Now as I was going along and carefully looking at your objects of worship, I came to an altar with this inscription: ‘TO AN UNKNOWN GOD.’ Therefore what you already worship as unknown, this I proclaim to you, Acts 17:23.

If Jesus and his disciples encountered this adult and mature content, I can imagine one of the disciples pleading with Jesus to call fire down from heaven to destroy Athens. Yet, Paul shows much more grace, engaging philosophers with an inscription and poetry. These two pieces of literature serve as a common ground, opening the door for the apostle Paul to share the good news about Jesus Christ with Greeks. Instead of being offended, Christians need to learn to engage other cultures by using apologetics, defending the Christian faith. This means leaving safe spaces to bring life to dark and immoral places, relying on the Holy Spirit as your guide.

by Jay Mankus

Pray at Lunchtime for the United States

The origin of praying for a meal has ties to the Old Testament and New Testament.  In the days of Israel, cup bearers were similar to modern day secret service agents.  Instead of serving as an armed guard, these men tested the food and wine for poisons.  If no one died, this meal was safe for the king to enjoy.  One of the most famous cup bearers is Nehemiah, who God used as a vessel to rebuild the wall around Jerusalem.  In the first century, the apostles gave thanks for each meal the Lord provided.  While the passage below does not detail the words spoken, praying before eating was a form of thanksgiving.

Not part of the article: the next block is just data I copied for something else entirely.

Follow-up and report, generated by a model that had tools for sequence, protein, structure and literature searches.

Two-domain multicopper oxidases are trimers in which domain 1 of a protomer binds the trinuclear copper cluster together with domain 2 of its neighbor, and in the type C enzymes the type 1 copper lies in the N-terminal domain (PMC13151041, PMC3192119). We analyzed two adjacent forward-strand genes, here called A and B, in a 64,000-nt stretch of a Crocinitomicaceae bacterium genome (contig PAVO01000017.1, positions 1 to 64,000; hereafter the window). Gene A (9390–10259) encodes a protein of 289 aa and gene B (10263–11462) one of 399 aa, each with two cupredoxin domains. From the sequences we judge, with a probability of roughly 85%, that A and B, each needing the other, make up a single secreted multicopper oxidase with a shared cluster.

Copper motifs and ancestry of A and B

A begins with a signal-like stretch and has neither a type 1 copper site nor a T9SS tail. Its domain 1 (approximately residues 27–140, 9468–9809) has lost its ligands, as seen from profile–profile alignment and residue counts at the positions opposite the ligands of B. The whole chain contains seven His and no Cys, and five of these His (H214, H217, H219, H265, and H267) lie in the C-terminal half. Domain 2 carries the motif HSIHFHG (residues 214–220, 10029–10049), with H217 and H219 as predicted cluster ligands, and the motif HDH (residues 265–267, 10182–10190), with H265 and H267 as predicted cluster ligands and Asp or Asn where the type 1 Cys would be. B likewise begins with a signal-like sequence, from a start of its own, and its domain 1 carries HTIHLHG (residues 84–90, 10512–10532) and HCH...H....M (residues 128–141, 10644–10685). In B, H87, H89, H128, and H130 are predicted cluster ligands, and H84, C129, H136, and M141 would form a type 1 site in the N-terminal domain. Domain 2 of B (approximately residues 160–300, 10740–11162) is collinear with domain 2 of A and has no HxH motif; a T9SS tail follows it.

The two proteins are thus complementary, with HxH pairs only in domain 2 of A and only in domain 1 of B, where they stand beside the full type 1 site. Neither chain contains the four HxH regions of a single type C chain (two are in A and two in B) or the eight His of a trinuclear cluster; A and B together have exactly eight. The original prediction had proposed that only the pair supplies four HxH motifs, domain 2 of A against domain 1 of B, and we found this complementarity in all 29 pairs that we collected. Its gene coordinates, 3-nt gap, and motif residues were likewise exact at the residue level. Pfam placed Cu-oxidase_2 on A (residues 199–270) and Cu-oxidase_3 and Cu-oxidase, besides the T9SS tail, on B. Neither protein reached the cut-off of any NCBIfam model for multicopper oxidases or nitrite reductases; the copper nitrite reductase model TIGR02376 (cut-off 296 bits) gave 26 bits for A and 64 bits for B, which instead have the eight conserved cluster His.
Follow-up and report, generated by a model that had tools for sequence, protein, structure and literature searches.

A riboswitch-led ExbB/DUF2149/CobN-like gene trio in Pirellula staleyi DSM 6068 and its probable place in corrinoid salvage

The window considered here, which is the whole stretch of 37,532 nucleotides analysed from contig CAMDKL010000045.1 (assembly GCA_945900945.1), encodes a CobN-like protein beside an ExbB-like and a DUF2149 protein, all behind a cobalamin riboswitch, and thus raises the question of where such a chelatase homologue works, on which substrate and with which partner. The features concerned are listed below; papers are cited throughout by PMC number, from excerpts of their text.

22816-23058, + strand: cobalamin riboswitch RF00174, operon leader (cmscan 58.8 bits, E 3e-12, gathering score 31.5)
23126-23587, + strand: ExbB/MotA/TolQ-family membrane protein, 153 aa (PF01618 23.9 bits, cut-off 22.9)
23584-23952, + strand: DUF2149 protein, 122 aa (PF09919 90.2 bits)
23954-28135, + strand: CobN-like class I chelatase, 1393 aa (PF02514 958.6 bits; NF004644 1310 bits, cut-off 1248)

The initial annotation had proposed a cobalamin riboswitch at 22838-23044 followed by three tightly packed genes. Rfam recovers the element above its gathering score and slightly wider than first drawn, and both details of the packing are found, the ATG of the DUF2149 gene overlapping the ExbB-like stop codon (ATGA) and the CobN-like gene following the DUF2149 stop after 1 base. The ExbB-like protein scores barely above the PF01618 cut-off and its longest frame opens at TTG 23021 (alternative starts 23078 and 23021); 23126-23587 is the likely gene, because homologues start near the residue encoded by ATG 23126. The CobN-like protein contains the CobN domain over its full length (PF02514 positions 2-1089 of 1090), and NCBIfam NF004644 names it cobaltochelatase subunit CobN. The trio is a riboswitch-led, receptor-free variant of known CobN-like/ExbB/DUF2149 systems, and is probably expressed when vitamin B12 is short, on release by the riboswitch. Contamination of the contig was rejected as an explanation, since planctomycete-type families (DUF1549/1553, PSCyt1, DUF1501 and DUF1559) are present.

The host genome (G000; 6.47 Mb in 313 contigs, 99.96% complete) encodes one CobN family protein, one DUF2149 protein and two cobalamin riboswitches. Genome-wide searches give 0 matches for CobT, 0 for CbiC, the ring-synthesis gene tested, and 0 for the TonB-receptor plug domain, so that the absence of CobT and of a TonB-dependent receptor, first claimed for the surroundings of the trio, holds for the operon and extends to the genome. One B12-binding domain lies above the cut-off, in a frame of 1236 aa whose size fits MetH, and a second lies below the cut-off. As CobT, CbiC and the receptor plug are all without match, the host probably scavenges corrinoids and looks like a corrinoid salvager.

Having said this, he took bread and gave thanks to God in front of them all, and he broke it and began to eat, Acts 27:35.